I leashed Pepper and took them both for a walk on the same road that I used to walk with Rusty and Geni on almost every morning and almost every night for the last two years of their lives. The memories were bittersweet, especially seeing what good friends Lizzy and Pepper are. They endure each others' foibles and they enjoy each others' company. Just like Rusty and Geni used to do. Although those two were more like an old marriage than old friends.

Dogs are pack animals and it's always more fun to walk two dogs than only one, I've realized. They have more fun together and, as a result, the walk tends to be more pleasant and, in Lizzy's case, less hectic because she wants to be the one who leads by example, something she has no incentive to do when she's walking by herself.

Another thing that never ceases to impress me is how flexible some dogs can be. Rusty was the least flexible dog I've ever met, ever anxious about and unfriendly to strangers. But Pepper is one of the most accommodating dogs and she doesn't seem to be moping because her entire family has vanished (they're all on a ship in the middle of the Pacific headed for Japan). Instead, she loves to come over and play with Lizzy and she likes their walks together, too.

There's much to be learned from dogs, as I've said before in these pages. Not only can they turn a walk in the snow into the greatest of all adventures, but I like that "come what may, I'm going to take it in the best way possible" attitude. It's a good reminder to live in the moment and to not obsess about the past or worry about the future. I like studying Canine Philosophy 101.

Saturday, February 6, 2010

Shoveling out from under a foot of snow!

My husband is a dear.

Inside, last night

Who said opposites cannot be bosom buddies?

The Blizzard of 2010

And it's still snowing!

Thursday, February 4, 2010

A surfeit of cats!

Monday, February 1, 2010

Small domestic joys

There is something to be said for achieving the age, the moment in life, whatever it is, when it's the small domestic joys -- Lizzy and Hamlet napping together in the sofa while I watch "Emma" on PBS, my husband working nearby in his office with Magellan on his lap, and Darwin trying to get in some kind of trouble somewhere in the house -- that give me the most pleasure.

Of course, my profession, my scholarship, my family, and my friendships contribute a lot of happiness and wonderful challenges to my life, but it's those home-bound moments that make me feel most whole, most fortunate.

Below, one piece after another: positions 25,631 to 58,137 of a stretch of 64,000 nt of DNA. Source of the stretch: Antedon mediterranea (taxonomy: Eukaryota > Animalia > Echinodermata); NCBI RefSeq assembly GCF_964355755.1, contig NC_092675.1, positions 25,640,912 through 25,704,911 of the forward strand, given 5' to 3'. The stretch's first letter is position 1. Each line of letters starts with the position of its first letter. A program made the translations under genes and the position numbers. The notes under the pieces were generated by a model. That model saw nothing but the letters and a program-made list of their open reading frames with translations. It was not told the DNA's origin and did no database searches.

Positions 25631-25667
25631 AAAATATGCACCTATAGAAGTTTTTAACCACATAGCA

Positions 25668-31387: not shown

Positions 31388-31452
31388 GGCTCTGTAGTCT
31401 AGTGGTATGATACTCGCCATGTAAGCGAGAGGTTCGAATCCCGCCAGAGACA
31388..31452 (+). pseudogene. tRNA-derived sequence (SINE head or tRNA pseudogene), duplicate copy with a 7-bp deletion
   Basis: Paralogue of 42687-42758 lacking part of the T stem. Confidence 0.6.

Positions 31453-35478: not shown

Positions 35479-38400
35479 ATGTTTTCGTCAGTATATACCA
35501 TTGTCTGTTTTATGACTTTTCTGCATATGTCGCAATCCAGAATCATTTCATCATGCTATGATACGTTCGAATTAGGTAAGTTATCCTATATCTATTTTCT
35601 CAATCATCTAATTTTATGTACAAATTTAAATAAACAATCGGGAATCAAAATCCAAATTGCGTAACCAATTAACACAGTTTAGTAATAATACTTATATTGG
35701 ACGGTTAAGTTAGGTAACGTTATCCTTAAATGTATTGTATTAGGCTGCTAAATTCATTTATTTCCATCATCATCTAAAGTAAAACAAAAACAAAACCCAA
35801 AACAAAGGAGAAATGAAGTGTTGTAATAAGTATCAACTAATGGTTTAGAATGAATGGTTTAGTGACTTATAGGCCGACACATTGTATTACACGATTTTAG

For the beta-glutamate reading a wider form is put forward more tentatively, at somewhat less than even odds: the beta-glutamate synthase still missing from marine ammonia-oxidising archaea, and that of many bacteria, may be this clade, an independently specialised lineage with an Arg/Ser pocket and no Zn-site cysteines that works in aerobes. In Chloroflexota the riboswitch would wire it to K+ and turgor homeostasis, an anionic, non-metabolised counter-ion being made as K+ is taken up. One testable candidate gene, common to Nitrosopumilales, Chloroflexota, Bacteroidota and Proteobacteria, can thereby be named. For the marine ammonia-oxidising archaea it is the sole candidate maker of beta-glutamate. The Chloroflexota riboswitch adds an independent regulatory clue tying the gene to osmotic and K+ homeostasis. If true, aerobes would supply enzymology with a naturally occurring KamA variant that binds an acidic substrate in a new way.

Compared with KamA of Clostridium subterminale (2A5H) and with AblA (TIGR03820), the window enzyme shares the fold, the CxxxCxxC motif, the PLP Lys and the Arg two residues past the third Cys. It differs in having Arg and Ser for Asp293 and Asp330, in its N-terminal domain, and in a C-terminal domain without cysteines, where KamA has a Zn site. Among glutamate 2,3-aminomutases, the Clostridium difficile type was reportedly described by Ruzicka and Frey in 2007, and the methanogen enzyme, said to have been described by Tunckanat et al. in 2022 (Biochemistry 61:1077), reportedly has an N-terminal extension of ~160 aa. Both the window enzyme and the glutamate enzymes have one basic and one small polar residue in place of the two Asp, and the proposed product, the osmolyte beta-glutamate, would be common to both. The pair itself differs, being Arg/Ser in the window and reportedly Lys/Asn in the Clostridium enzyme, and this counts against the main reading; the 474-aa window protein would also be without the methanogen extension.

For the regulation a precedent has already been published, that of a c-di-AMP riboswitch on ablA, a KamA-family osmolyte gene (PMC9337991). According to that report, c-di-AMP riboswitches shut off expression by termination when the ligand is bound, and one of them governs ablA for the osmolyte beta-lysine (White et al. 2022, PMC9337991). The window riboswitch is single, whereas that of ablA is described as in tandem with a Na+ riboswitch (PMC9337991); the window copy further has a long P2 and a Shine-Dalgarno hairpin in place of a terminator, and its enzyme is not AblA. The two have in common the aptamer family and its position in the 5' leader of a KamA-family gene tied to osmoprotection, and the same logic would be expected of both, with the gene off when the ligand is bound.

Today, while she was doing my hair, the hair stylist was telling me about how she's a single mother, raising two teenagers with no support from their father, whom she divorced when they were little. She now works full-time in the salon and attends a technical college during her early mornings and late nights so she can fulfill the pre-requisites to get into a nursing program.

"Good for you!" I said, admiring her purpose and verve.

"Some women complain that they don't have time for themselves," she said. "I have no idea what that is!"

I've worked, and still work, very hard for everything I have in my life. But there's nothing like a good reality check, like connecting with someone else who toils a lot harder for a lot less, to provide a humbling perspective that helps us be grateful for everything in our lives, including (most importantly) those things we might want but don't have.

Even the challenges and problems we face (having too much to do is a blessing compared to those who have been laid off and have no job prospects) are part of the privileges we are given.

For a long time now I've known that life isn't a dress rehearsal. And that while you might get a second chance, you should never count on a third one. That's why I want to be present in every moment of my life, and I want every minute to count. I may not remember every second I live, but my purpose is to squeeze the very last drop of joy I can until my life is perfumed with it.